It may be that you have already been told that you will need a knee joint replacement, or it might be that you fear you may need one in the future. Either way, if your knees are promising to wear out at some point in the future, there are a few things you can do to put this off. Most surgeons prefer for you to get your knee joint replaced as late as possible, as they do not have a life time guarantee and will need replacing at some stage. This does not necessarily mean you need to be hobbling around in horrible pain for years, waiting for the clock to tick down.

Exercise bike

Yes, the stationary bike is about as enthralling as watching paint dry and none of us particularly love it. But in terms of the knee, it enables us to mobilise it without loading it. You can activate the large muscle groups of the leg that help support the knee, without aggravating any painful symptoms. It can also improve the production of synovial fluid, which is a substance that lubricates our joints and helps keep them healthy. Try to get on a bike for 30 minutes a day.

Strengthen your quads

Your quads are the large muscles on the front of your thigh and are probably the largest – or at least most obvious – contributor towards your knee stability. If you have one knee with arthritis, you may actually see how wasted these muscles can become after long term issues. If you are just beginning, you will need to engage in exercises that do not load the knee or aggravate your symptoms – which may be simple things like leg raises and biking. A physio can guide you through a programme that can progress into more challenging exercises like squats and lunges.

Strengthen your glutes

“Glutes” is short for your gluteal muscles, which are the muscles of the buttocks. The glutes can impact knee joint health and work with our quads to help push us up and forwards. They can be a bit forgotten and sometimes it is weakness in these muscles that might have contributed towards your knee issues in the first place. Working against gravity, with bands and eventually into squats and weights, will help these muscles perform well to protect and support your knee joint health for longer.

Get in the pool

The weightlessness of water is extraordinarily relieving to many people with painful knees, and enables them to exercise their muscles without aggravating themselves. Engaging with swimming lengths, some forms of hydrotherapy or deep water running can also give you some cardio training and build your fitness, something that is really challenging to work on when you cannot walk or run well.

Remember that exercise to elongate your knee joint health may not only buy you some time before going under the knife, it will also improve your post-operative outcomes and recovery. If your knee joint health is something that is concerning you, or you’ve been told you will need a replacement soon, come and see one of the team at Healthzone Physiotherapy, where we will provide you with and guide you through an exercise programme to get the most out of your knees.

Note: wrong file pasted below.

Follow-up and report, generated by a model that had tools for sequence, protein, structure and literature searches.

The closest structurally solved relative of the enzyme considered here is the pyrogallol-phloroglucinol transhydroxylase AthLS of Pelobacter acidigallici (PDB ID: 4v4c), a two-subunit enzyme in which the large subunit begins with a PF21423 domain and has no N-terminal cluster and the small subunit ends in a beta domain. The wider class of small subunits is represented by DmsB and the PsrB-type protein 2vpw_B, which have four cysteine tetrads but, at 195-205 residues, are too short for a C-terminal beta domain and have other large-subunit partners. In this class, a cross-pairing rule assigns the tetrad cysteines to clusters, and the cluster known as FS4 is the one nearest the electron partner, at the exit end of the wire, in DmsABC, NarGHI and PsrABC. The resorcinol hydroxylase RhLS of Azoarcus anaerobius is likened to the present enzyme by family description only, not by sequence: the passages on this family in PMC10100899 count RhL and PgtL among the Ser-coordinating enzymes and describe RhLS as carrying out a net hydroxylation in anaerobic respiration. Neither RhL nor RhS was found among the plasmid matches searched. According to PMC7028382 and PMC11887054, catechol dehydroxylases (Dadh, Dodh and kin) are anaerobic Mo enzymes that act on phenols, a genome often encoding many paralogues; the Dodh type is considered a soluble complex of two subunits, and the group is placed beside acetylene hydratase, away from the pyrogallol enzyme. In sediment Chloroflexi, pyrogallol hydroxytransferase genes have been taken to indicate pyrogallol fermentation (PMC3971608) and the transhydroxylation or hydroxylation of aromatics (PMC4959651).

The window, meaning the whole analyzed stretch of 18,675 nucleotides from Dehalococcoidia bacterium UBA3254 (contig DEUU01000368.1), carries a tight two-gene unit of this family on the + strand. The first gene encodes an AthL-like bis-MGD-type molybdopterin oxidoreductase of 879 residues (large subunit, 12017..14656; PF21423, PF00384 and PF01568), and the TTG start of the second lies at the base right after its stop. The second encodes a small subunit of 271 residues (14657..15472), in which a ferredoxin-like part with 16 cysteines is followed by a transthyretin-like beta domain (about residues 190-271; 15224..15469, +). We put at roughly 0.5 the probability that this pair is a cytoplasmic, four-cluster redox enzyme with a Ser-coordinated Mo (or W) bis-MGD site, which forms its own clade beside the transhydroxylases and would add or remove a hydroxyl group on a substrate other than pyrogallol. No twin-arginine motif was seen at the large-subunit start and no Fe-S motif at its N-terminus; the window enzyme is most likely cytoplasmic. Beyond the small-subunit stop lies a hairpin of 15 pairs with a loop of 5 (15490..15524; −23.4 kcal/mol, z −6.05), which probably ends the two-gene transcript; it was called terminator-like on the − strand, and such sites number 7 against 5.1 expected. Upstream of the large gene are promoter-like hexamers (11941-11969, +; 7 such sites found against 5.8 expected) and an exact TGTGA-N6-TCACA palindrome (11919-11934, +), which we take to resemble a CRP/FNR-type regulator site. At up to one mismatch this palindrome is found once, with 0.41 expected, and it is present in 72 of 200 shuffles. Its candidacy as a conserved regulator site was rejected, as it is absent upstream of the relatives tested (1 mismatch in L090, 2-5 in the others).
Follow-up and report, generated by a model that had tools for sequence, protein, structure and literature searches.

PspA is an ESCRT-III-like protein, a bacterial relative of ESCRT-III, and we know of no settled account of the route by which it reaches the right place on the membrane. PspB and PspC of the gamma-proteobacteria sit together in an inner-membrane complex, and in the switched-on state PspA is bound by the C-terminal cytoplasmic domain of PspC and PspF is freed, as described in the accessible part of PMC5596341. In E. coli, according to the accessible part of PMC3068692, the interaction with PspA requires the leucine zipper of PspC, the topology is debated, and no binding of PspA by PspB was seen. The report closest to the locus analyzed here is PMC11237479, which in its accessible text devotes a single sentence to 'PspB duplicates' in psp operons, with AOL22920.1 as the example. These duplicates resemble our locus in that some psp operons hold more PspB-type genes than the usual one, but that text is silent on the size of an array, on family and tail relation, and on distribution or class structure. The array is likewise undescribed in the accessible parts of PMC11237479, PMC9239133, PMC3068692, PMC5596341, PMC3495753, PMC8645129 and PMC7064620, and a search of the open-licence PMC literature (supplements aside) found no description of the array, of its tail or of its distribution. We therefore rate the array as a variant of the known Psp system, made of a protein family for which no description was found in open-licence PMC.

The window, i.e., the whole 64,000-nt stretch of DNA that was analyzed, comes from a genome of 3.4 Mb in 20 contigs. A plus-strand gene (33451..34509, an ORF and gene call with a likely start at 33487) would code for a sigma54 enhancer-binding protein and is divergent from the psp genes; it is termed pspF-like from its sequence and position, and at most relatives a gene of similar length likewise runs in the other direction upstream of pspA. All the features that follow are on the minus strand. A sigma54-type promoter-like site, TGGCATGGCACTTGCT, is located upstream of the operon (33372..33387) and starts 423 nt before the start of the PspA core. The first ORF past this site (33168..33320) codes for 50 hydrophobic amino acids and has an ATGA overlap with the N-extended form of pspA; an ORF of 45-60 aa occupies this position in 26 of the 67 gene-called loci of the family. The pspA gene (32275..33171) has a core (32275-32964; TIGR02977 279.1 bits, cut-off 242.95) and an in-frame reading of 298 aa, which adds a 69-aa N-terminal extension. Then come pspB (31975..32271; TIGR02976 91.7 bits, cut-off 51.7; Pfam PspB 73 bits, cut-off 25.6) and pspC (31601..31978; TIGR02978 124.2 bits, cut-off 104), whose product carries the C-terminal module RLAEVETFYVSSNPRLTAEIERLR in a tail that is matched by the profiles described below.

Contact HealthZone Physiotherapy today on (09) 477 2098

Previous articleStaff Spotlight: Meet Felicity
Next articleDistinguished Service Medal for Dr Simon Mayhew
Rebecca graduated from AUT in 2008 with her Bachelor of Health Science in Physiotherapy and started working in a West Auckland private practice. She quickly gained an interest in sports physiotherapy including injury prevention and management. Rebecca worked for four years with premier and reserve club rugby teams including Waitemata and Kumeu / Helensville. She was the physio for the Western Pioneers team in 2012 when they won the North Harbour competition. Rebecca also practiced as a community physiotherapist administering the Otago Exercise Programme which focused on falls prevention for the independent elderly. Through these clients, she developed a curiosity in chronic pain conditions. While she has had plenty of experience in standard post surgical rehabilitation, she took a particular interest in Functional Reactivation Programmes, which work with people suffering persistent pain and complex recoveries post surgery or injury. Rebecca takes an interest in working with clients who have exhausted their channels within the health profession for the management of their pain and enjoys the challenge of helping these patients manage their conditions and return to activities of daily living. To aid in this work, she went on to get her Postgraduate Certificate in Rehabilitation from AUT. Rebecca’s passions include travel, yoga, food, comedy and film – don’t get her started on the topic of movies if you don’t have the time and energy to discuss them with her. She lives in central Auckland and is fiercely local – preferring to commute every day across the bridge than to live any distance away from friends and family!